Administrators’ Pay Packages Under Scrutiny in N.J.
Lawmakers in New Jersey are calling for major reforms in compensation practices for public school administrators in the wake of a scathing report that concludes that millions in taxpayer dollars were spent on lucrative contracts, hidden perks, and pension padding for dozens of superintendents and their top deputies.
The State Commission of Investigation, New Jersey’s public-watchdog agency, found that a handful of top school administrators were paid as much as 65 percent more than what was publicly reported. In addition, some cashed in tens of thousands of dollars in unused sick and vacation leave, and others were able to negotiate excessive boosts to their pension benefits before retiring, it found.
And, in some cases, administrators may not have reported their full compensation to state and federal tax authorities, the commission also concluded in its 71-page report released this month.
Investigators examined the contracts and compensation packages of 334 top administrators in 71 school districts in New Jersey and concluded that neither state education officials nor local school board members—who are charged with negotiating and approving contracts with top administrators—are doing enough to guard the public purse.
“We are saying that there is something wrong with a system that has created a runaway free-for-all at the expense of taxpaying citizens who are in many cases in the dark about what they are paying for,” said Lee Seglem, the assistant director of the commission.
The superintendents, however, are defending themselves, arguing that elected school board officials approved their contracts in public meetings. They worry that their credibility has been unfairly damaged by the report, said Barry J. Galasso, the executive director of the New Jersey Association of School Administrators.
“What’s most concerning for our members is that they are being portrayed as though they misled the public,” Mr. Galasso said. “In truth, these contracts are public documents, analyzed in newspapers, approved by elected public officials who are skilled at negotiations, and who have the services of phenomenal school board attorneys.”
But Mr. Seglem said there’s a troubling problem of understatement of expenses, even though school districts follow the state’s annual requirement to report salaries for their employees.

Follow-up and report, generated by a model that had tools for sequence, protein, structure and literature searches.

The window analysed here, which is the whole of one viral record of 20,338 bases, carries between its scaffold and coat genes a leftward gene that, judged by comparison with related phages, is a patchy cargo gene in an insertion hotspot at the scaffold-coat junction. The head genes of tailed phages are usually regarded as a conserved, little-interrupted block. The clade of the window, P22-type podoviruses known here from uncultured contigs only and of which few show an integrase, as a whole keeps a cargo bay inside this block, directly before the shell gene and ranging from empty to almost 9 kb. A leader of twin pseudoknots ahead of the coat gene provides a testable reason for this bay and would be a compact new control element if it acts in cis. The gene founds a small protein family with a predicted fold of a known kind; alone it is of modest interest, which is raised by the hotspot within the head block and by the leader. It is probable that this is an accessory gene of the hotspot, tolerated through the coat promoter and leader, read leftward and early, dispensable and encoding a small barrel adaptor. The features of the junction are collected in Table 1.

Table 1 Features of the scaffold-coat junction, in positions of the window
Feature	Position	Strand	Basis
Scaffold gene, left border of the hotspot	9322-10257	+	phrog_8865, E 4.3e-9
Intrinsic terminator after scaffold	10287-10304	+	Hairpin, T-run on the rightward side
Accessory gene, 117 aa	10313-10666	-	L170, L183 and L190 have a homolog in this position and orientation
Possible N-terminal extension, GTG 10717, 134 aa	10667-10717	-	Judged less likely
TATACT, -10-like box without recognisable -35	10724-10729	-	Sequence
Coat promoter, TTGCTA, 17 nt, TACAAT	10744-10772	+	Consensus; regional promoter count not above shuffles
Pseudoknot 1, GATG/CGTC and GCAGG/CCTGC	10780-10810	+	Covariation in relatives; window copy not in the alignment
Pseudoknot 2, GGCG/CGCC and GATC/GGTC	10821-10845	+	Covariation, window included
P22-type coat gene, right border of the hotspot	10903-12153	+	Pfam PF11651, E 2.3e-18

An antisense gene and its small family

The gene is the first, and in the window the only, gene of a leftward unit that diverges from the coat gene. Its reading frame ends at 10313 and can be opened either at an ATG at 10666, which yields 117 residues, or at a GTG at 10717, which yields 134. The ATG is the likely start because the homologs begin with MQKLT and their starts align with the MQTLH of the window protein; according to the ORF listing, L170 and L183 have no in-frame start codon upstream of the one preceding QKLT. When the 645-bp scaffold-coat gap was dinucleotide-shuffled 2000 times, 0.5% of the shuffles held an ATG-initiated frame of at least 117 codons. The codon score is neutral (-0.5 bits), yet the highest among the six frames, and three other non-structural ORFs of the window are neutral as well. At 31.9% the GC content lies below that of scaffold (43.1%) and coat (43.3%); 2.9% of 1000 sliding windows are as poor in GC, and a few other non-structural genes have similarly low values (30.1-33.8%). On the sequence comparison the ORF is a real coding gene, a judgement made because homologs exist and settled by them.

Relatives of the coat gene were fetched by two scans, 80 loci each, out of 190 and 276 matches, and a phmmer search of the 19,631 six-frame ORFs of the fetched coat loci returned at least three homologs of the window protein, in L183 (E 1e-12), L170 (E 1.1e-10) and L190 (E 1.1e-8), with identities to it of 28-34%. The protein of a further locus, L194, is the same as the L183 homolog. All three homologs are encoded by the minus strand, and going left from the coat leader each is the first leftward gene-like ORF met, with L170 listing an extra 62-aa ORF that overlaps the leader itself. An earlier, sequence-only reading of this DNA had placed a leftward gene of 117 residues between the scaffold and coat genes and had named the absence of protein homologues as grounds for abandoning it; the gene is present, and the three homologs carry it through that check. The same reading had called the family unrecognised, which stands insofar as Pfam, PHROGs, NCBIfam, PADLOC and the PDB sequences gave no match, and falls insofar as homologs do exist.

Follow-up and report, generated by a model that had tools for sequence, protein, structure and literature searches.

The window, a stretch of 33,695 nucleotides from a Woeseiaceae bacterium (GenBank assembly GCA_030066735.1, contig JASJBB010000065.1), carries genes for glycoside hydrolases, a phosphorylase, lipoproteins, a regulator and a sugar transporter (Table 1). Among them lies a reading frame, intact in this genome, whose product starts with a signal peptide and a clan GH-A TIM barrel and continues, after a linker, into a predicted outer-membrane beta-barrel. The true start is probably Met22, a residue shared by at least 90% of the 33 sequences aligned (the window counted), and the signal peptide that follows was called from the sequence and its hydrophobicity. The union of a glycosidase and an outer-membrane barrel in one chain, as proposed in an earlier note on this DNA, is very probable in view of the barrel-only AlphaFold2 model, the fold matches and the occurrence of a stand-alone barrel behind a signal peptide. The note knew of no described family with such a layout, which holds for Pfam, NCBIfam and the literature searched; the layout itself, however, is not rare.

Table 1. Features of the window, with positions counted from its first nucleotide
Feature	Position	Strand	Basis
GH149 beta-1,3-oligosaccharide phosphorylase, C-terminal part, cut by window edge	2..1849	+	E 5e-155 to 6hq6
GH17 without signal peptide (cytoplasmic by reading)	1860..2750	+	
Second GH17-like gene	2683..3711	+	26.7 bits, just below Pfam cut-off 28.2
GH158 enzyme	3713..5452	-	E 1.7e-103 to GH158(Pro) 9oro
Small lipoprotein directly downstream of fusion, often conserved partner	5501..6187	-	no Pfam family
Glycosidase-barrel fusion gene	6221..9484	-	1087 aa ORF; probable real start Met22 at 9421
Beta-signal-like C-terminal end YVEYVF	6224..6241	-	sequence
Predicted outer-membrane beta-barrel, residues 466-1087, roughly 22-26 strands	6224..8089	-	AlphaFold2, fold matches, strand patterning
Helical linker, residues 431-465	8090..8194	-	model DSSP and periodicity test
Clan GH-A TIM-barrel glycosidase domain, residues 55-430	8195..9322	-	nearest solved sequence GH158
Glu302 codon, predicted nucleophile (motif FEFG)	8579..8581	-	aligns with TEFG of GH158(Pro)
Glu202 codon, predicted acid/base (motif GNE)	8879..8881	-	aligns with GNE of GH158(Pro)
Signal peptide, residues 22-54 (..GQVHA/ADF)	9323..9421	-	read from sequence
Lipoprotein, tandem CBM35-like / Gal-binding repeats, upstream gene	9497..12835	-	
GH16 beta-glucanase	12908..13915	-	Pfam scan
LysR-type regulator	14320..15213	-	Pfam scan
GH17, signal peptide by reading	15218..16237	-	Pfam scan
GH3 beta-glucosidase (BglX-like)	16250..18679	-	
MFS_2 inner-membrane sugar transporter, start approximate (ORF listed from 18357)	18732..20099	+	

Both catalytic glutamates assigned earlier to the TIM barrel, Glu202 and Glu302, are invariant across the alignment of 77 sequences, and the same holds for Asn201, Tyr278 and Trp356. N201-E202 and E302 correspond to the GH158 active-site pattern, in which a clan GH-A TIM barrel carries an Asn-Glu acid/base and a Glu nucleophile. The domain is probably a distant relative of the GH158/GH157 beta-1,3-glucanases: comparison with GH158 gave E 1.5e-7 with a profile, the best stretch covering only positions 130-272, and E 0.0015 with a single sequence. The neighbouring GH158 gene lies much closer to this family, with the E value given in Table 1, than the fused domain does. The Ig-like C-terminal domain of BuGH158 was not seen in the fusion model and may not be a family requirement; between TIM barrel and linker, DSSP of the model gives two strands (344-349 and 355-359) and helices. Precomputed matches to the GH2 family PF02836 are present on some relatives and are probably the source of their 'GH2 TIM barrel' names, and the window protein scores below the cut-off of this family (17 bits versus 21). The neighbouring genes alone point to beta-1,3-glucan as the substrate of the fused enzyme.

For example, Toms River school district officials reported to the state department of education that Superintendent Michael J. Ritacco earned a base salary of $210,750 in 2004-05. But the commission found that Mr. Ritacco’s actual compensation, with cashed-in leave time and other perks, that year was $347,462, or 65 percent more.
New Jersey’s State Commission of Investigation is calling for sweeping reforms to compensation practices for the state’s top public school administrators. Recommendations include:
• A state law to require that school boards annually publish, for the public, a detailed account of all contract terms and forms of compensation to superintendents, assistant superintendents, and other top administrators.
• A policy that limits accrual of sick leave and vacation days and imposes a cap on cash payouts for unused sick and vacation days.
• A ban on practices that inflate pensions, such as granting large pay raises in the final years of a contract.
• A new unit in the state department of education to create statewide standards for salaries and benefits.
• A training program for school board members that teaches acceptable compensation practices.
“These people comply with what the requirements are, but we are saying that’s not enough when the public doesn’t begin to see what the true value of these contracts are,” Mr. Seglem said.
Another troubling finding, he said, was the common practice of annual cash payouts to administrators who had accumulated sick leave and vacation time.
In the Bergen County Vocational School District, for example, eight administrators, including the late superintendent John Grieco, cashed in a combined $1.21 million for unused leave from 1999 to 2004, according to the report. The commission also zeroed in on districts that added cash bonuses to administrators’ compensation in their final years before retirement to boost their pensions.
Mr. Seglem said the commission opened its inquiry after receiving multiple complaints from residents about the lack of public disclosure surrounding school administrators’ salaries.
The investigation was also part of the commission’s ongoing reviews of public-employee salaries and benefits across New Jersey, where high property taxes are among residents’ chief complaints, he said.
Many of the administrators named in the commission’s report wrote responses, most of which contained defenses of their compensation packages. They argued that they work round the clock, and that they have improved student achievement in their respective districts.
Mr. Galasso of the administrators’ group said the report unfairly compares school chiefs’ compensation with that of other state employees and doesn’t acknowledge that New Jersey’s banning of tenure for superintendents 15 years ago helped create the competitive, free market in which school boards must now negotiate to attract and retain the best candidates.
The report has prompted an outcry from lawmakers, who have vowed to introduce legislation that would adopt the recommendations made by the commission.
Mr. Galasso said administrators believe credibility is their most valuable currency and want to be involved in improving compensation practices that are fair and transparent to the public.
Vol. 25, Issue 29, Pages 30-31
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